Do certain drugs cause dementia? Or are the authors misguided?

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Screen Shot 2015-02-02 at 2.36.39 PMA new paper published in JAMA Internal Medicine makes an interesting claim that a class of drugs called anticholinergics may cause dementia and Alzheimer s disease.

But, you shouldn't be too worried. The most that can be concluded from a study conducted at the University of Washington in Seattle is that there is a correlation and a weak one at that between the use of a wide variety of drugs and the development of senile dementia and Alzheimer s Disease (AD) years later.

Lead author Shelly Gray, PharmD acknowledges some of the limitations of the study: "It isn't possible to prove causation with observational data. I would say that we haven't proven that these drugs cause dementia, but our results certainly reinforce concerns about this issue."

Maybe, or maybe not. Perhaps more puzzling is the lack of biological plausibility. Gray says, Future studies would focus on understanding the biochemical mechanism that might underlie this association.

To which ACSH s Dr. Josh Bloom responds, They've got their work cut out for them. It is certainly plausible, if not likely, that the use of these drugs can affect short term cognitive ability because of their side effects. The last time I took a Benadryl, I woke up the seal pool in Central Park the next morning.

But, he adds, it is very far from clear how drugs like this, or any other drug, really, could promote the formation of beta-amyloid plaques the hallmark of AD in the brain. A number of mechanisms have been proposed for plaque formation, and research has focused on finding drugs to block it. Yet, there is still not one single disease-modifying drug for AD. This theory just seems too simple to be true.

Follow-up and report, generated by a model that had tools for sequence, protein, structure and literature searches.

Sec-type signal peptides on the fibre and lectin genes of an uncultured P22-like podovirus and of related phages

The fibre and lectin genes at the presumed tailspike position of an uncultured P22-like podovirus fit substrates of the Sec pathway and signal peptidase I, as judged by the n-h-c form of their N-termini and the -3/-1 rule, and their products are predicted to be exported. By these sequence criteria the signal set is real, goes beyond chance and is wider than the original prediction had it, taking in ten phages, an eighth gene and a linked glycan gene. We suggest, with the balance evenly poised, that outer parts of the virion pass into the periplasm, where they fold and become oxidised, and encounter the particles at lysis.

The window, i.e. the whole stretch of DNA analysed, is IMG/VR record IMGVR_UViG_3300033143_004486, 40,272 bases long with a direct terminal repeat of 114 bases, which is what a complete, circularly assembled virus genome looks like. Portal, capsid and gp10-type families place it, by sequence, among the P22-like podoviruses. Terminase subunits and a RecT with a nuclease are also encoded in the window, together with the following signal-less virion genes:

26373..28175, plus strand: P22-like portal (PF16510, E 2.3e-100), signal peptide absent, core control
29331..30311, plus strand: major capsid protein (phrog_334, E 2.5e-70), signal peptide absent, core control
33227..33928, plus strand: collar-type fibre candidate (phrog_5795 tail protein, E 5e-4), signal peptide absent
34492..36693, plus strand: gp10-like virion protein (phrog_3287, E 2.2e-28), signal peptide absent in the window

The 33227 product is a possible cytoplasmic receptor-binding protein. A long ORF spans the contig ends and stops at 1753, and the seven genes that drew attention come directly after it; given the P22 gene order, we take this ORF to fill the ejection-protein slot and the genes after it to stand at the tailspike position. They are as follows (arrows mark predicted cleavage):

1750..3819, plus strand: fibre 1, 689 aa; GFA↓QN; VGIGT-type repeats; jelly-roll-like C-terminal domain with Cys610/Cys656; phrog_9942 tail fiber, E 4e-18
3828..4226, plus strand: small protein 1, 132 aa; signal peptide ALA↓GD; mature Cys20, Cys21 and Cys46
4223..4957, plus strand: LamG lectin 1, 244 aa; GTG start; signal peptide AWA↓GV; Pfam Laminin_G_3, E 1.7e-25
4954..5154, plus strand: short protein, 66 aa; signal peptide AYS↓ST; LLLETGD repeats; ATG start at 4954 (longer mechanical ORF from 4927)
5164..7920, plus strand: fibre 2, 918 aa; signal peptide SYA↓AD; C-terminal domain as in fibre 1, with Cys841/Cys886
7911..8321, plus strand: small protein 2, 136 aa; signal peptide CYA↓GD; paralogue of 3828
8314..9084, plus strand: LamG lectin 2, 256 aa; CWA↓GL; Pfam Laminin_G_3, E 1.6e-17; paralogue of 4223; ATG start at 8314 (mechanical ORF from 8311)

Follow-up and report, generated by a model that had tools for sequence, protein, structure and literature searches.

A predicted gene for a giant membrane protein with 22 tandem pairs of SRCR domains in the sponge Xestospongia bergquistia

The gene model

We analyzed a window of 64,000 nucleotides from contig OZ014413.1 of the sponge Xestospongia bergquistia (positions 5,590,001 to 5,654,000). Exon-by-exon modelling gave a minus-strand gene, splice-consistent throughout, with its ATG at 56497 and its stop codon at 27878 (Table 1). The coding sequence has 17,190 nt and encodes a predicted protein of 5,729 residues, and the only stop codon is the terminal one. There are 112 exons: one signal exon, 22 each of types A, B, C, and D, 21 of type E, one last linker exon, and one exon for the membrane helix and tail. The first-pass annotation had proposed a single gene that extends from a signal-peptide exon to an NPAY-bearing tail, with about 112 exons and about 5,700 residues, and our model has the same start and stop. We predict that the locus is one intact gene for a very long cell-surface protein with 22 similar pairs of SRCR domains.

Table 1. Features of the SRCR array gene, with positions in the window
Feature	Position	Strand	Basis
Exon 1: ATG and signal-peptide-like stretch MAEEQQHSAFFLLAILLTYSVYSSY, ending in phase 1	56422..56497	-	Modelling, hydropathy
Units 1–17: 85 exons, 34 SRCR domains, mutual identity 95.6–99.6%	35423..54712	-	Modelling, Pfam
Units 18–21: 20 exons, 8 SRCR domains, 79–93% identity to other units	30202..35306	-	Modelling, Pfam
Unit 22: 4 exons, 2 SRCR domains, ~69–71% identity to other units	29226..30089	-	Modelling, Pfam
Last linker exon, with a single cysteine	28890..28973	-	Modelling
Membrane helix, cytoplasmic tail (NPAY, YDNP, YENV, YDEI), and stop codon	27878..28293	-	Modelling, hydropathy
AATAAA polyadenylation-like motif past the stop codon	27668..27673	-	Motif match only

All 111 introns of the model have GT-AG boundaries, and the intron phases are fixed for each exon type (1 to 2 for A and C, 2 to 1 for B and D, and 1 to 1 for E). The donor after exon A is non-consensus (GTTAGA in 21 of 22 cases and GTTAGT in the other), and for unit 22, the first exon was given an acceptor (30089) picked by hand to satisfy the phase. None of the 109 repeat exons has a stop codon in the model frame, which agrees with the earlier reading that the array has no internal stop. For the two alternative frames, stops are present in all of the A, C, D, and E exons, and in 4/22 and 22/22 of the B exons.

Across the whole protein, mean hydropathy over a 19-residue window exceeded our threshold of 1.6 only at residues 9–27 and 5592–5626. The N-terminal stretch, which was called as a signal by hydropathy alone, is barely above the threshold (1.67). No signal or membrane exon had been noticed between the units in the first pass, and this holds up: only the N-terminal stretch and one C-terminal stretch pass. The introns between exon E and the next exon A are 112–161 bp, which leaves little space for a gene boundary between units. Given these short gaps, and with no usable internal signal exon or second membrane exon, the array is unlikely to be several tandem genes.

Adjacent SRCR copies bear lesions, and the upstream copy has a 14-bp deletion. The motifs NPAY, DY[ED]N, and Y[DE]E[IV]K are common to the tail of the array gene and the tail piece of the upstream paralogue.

And ACSH advisor and uber-statistician, Dr. Stan Young is not all impressed with the magnitude of the increased risk. He says, A risk ratio of less than 2.0 (double) after full freedom to do the analysis any way the authors like is very weak evidence at best and totally misleading at worst. In this study, the highest risk even in the people who took the most drugs was 1.5 (a 50 percent increase), so what they are seeing may simply be an artifact of poor data weak statistics.

An accompanying editorial by Noll L. Campbell, PharmD and colleagues of Purdue University fully supports the findings of the original paper, but goes a little too far: [T]his study provided the strongest evidence to date that anticholinergic drugs cause dementia.

Excuse me, says ACSH s Dr. Gil Ross. The editorialist makes two major errors here, either of which should lead to his being sent to an Epidemiology and Statistics 101 re-education camp: 1-the data here, as noted above, do not even warrant a suggested association, much less ¦.2-his allusion to a causal link to dementia. Not even close.